History Center no B&B, but now it has a parlor

       The Old Colorado City History Center clearly does not provide living space, as do the eight inns on the 16th annual Holiday Bed & Breakfast Tour Sunday, Dec. 5.

In time for the Holiday Bed & Breakfast Tour Sunday, Dec. 5, the Old Colorado City History Center has a new display, which depicts what a middle-class family's parlor might have looked like in 1905.
Westside Pioneer photo

       Nevertheless, the center will offer an authentic-looking early 1900s parlor that people can see for free anytime (the History Center being a free facility) or as part of the package for this year's tour.
       The event, which offers personal inn tours and refreshments, will be from 1 to 5 p.m., including two other Westside sites (the Holden House and the Old Town GuestHouse). Tickets are $12 a person in advance at the History Center, 1 S. 24th St., and $15 the day of the event, and proceeds benefit the center.
       The slice of history in the History Center museum was organized by Barbara Barbaro, collections coordinator for the Old Colorado City Historical Society (OCCHS), with help from other OCCHS volunteers.
       “I saw a photo in this book,” explained Barbaro, turning to a page in “Victorian America,” by Thomas J. Schlereth (which is sold, by the way, in the History Center bookstore). “And I thought, 'I can do that.'”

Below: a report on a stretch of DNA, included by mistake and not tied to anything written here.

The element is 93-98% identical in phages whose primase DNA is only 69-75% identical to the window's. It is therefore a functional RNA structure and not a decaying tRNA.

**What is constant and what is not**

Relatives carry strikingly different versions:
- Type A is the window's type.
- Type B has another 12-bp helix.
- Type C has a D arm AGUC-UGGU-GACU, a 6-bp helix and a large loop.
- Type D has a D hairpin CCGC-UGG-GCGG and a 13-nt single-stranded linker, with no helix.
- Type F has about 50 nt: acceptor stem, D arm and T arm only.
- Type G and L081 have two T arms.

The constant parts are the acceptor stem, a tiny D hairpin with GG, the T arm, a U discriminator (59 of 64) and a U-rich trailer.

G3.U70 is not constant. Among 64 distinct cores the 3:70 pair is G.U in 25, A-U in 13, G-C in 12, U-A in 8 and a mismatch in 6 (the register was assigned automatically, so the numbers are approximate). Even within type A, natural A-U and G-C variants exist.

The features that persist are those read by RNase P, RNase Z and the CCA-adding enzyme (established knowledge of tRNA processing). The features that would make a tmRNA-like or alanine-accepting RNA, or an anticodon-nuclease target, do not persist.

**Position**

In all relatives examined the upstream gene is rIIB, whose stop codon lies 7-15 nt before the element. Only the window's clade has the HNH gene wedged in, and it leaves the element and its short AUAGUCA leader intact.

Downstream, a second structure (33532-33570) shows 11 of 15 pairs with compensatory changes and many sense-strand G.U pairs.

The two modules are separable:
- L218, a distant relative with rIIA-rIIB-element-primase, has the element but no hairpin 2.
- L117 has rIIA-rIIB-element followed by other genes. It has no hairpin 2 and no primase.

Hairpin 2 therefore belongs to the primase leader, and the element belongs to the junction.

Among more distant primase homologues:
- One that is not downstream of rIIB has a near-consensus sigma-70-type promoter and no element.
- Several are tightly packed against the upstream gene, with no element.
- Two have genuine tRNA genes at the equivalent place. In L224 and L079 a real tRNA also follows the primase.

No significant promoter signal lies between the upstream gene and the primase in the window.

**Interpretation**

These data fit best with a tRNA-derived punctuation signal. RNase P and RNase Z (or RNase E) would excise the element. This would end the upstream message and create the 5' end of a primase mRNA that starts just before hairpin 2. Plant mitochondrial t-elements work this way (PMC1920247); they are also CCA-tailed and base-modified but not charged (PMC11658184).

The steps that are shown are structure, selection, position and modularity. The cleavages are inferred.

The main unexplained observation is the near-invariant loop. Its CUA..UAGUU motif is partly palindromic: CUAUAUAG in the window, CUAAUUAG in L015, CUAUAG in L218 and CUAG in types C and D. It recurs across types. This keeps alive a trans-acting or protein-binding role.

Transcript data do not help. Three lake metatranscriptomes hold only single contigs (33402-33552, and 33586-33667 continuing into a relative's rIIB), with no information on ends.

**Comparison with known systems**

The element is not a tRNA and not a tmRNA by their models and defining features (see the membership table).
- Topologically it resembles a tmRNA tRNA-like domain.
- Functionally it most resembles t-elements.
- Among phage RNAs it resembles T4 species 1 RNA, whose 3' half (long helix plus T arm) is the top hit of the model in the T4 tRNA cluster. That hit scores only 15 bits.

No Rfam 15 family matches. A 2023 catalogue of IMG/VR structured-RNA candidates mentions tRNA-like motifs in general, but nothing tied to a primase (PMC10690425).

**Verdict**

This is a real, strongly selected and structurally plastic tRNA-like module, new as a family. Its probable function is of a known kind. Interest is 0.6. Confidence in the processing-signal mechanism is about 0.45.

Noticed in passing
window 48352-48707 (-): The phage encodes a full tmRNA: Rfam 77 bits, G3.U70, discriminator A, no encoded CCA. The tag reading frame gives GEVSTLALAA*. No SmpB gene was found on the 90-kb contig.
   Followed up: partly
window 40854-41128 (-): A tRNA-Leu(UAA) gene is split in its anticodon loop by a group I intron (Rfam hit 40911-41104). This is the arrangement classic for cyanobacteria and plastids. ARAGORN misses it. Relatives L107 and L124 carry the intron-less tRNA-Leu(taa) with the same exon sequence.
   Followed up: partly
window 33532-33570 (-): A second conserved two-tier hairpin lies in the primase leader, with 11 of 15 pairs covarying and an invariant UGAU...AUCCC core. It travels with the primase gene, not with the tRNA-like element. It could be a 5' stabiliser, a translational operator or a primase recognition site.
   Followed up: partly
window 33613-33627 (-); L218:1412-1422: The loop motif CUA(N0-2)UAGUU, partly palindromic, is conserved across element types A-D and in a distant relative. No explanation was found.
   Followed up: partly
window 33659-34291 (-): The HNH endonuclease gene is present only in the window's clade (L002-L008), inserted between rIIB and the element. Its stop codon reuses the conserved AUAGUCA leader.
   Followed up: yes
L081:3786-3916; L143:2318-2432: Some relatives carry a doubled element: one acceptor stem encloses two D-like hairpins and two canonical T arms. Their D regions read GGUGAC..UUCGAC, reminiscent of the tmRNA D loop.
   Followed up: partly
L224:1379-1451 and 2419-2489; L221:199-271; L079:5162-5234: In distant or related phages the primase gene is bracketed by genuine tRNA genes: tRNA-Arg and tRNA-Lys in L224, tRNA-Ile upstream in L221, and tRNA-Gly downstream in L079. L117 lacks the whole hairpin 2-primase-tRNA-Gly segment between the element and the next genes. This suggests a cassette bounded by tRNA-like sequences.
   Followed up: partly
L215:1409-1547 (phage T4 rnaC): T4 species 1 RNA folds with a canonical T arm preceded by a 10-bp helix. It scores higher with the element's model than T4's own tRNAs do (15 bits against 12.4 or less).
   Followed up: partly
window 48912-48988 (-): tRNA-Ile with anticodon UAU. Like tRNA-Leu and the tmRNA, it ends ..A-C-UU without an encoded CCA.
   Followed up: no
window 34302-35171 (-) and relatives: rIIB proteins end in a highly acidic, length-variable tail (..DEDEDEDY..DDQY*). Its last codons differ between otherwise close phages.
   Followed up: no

The goal was to create a scene from 1905, as shown in the book. The props are typical of what a middle-class Colorado City family might have had in its parlor in that time, including an organ, family photos, a cradle, a small table supported by a Greek-shaped column, books and dried flowers.
       Some spread-out sea-shells “are a way for a family to show off that they were able to afford a trip to the beach,” Barbaro noted. The large photo on the wall is of an actual Colorado City citizen, Mary Reed, who lived there in the late 1890s, she added.
       The items came from the center's collection of historical artifacts as well as from individual belongings. For example, the cradle was a toy that OCCHS member Joanne Karlson had as a child. Recent donations from the grandchildren of long-time Westside resident Crystal Rhodes added some of the antique furniture.

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